Notice the contract type defined for the routing service. This can be from one of the following 4 types only and type to be used depends on the message exchange pattern to be used between the services i.e. request-reply or duplex patterns etc. These are: 
  • IDuplexSessionRouter
  • IRequestReplyRouter
  • ISimplexDatagramRouter
  • ISimplexSessionRouter
In our case, we are going to use the request-reply mode, so we are using the IRequestReplyRouter. Further there is the a tag named routing, which acts as the core logic of this routing concept. We will discuss about these further.
Next we add list of endpoints in the client tag, which is nothing but the endpoints of the services, which are intended to receive the request from the client application. It will look like the following: 
  1. <client>  
  2.       <endpoint  
  3.               name="Service_1" binding="wsHttpBinding"  
  4.               address="http://localhost:12354/Service1.svc"  
  5.               contract="*">  
  6.       </endpoint>  
  7.       <endpoint  
  8.               name="Service_2" binding="wsHttpBinding"  
  9.               address="http://localhost:34343/Service_2.svc"  
  10.               contract="*">  
  11.       </endpoint>   
  12.     </client>  
So in the above code, we have defined endpoints of two services Service_1 and Service_2, for which the router service will work.
Next, we will define the routing table, with filters, based on which a request is redirected to an appropriate service, for which it is actually intended to be. This section will look like the following:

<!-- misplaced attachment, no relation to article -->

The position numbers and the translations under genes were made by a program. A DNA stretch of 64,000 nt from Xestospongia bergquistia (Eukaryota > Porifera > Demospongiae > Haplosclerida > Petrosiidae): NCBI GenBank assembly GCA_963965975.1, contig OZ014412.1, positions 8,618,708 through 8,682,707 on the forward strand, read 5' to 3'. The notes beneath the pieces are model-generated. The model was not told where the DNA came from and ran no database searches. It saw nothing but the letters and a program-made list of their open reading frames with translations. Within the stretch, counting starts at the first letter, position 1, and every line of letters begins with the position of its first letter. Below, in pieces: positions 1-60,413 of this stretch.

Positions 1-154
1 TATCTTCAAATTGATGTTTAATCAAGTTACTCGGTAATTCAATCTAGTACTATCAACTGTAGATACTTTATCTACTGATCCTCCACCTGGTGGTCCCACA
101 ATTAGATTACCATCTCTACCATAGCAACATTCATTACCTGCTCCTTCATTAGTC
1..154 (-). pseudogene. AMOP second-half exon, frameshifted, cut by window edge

1. <routing>   
  2.      <filters>  
  3.        <filter name="MyFilter_1"  filterType="Action" filterData="http://localhost:64832/IMyService/GetData"/>  
  4.        <filter name="MyFilter_2" filterType="Action" filterData="http://localhost:64832/IMyService/GetData2"/>
  5.      </filters>   
  6.      <filterTables>  
  7.        <filterTable name="ServiceRouterTable">   
  8.          <add filterName="MyFilter_1" endpointName="Service_1"/>    
  9.          <add filterName="MyFilter_2" endpointName="Service_2"/>
  10.        </filterTable>  
  11.      </filterTables>  
  12. </routing>  

Here, the filters tag contains the type of filter which can be applied to the incoming request. Based on the filter which matches the incoming request, it's corresponding endpoint address is picked from the filterTables tag and the endpoint is selected from the client endpoints, defined in client section we discussed above, and request is routed to that service. The filterType can be one of the following: 
  • Action
  • EndpointAddress
  • EndpointAddressPrefix 
  • And
  • Custom
  • EndpointName
  • MatchAll
  • XPath 
So this was the basic configuration for the routing service. Next we simply define the client services and the client application. Client application will be configured to make the requests to the router service. In next article, we will practically implement the concept of  routing service. Hope you enjoyed reading it. Happy coding...!!!